Tag Archives: Gajraj Rao

Movie Review: Shubh Mangal Zyada Saavdhan (2020)

3 Stars (out of 4)

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Shubh Mangal Zyada Saavdhan (“Be Extra Careful of Marriage“, SMZS henceforth) — Bollywood’s first mainstream romantic comedy about a gay couple — is at its most effective when it leans into genre traditions.

Aman Tripathi (Jitendra Kumar) and Kartik Singh (Ayushmann Khurrana) are a dating couple living in Delhi. Aman’s parents Shankar (Gajraj Rao) and Sunaina (Neena Gupta) don’t know that their son is gay, but Kartik is sure they’ll be accepting. The dating couple meets up with the family on a train on the way to Aman’s cousin Goggle’s (Maanvi Gagroo) wedding outside of Allahabad.

On route to the wedding venue, Shankar spots Aman and Kartik kissing. Shankar’s dramatic negative reaction provokes the couple to kiss again, this time in the middle of the dance floor in front of all the wedding guests. Despite Shankar’s and Sunaina’s hilarious attempts to explain the kiss as some sort of family tradition, Goggle’s fiance cancels the wedding, and the Tripathi’s return to Allahabad.

Rather than embrace Aman as he is, his parents insist that he can be converted if removed from Kartik’s influence. They go so far as to get Aman engaged to a cute young woman named Kusum (Pankhuri Awasthy), who is all too eager to marry him.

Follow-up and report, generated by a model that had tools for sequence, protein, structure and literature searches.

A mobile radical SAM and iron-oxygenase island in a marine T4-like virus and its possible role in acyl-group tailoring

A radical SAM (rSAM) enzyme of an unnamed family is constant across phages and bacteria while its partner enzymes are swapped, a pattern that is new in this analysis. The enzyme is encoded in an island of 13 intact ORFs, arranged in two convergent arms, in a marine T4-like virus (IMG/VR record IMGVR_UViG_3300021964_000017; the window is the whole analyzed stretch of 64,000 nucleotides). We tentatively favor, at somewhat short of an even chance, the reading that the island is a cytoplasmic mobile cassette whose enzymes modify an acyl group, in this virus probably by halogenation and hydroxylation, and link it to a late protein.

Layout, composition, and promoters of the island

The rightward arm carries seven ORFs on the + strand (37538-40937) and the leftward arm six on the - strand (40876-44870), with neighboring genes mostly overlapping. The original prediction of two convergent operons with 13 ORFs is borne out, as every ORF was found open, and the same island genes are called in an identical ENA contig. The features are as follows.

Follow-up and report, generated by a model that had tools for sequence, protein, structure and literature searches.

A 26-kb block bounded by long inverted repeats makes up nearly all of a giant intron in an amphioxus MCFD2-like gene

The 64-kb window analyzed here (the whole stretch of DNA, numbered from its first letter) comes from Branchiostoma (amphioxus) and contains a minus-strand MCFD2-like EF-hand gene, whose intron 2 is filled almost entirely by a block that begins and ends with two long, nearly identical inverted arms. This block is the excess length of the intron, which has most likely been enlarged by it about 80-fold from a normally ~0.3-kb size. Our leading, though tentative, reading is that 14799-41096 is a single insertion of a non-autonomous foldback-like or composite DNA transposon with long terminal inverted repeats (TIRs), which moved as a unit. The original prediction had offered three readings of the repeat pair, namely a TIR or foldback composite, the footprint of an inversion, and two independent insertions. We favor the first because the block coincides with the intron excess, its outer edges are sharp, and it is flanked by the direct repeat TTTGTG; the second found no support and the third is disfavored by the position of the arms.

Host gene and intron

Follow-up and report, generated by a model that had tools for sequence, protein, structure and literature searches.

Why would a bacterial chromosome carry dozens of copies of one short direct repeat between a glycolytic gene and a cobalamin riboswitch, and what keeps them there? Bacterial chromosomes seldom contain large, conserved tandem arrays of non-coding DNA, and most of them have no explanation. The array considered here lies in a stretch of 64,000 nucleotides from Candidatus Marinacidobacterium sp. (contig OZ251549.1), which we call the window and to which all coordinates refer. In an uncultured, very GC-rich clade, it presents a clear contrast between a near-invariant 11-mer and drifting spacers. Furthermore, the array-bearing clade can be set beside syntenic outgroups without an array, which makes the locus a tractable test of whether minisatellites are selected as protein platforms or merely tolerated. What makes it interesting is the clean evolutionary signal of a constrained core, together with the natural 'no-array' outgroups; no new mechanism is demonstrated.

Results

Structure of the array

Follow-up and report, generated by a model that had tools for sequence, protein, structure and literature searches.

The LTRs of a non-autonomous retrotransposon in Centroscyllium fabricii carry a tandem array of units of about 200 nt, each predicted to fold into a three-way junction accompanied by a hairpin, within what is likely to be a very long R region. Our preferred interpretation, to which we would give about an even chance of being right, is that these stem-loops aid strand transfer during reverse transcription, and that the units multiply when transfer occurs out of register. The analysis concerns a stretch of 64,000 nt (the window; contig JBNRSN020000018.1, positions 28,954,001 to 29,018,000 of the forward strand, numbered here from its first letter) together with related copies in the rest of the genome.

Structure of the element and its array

The rest of SMZS is essentially the second half of Dilwale Dulhania Le Jayenge, but if Raj was trying to save Kuljeet from marrying Simran instead of the other way around. In DDLJ, Raj’s strategy was to convince Simran’s family that he was the best person for her to marry. In SMZS, Kartik’s approach is less personal and more about asserting Aman’s right to choose who he wants to date and marry, regardless of gender.

Perhaps SMZS would have struck a stronger emotional chord had Kartik used more of Raj’s strategy. This is a film about a family, but Kartik’s aggressive tactics and the Tripathis’ intransigence make it hard to see how he would fit in if he and Aman did marry. Scenes in which Kartik is emotionally vulnerable play as though they are meant to convince Aman of his loyalty — something that is never really in question — rather than prove his worthiness to the Tripathis.

Writer-director Hitesh Kewalya uses SMZS as an educational opportunity, focusing more on the moral and legal grounds for Aman’s relationship with Kartik instead. This plays into some of the issues that hampered the film SMZS spun off from: 2017’s Shubh Mangal Saavdhan, which Kewalya wrote but did not direct. Both stories periodically lose momentum as the plot gets bogged down in dialogue-heavy scenes.

The slow narrative pace is mitigated by the terrific performances by the entire cast. Awasthy is especially hilarious as Kusum, whose ostentatious shyness feels straight out of an old movie.

One of Kewalya’s strong points is his ability to write humorously about adult topics (Shubh Mangal Saavdhan was about impotence) in a way that never feels vulgar. SMZS is family-friendly. If one of the goals of the film is to normalize the depiction of gay relationships in mainstream Hindi cinema, making it a movie that is accessible to all ages is a great way to accomplish that.

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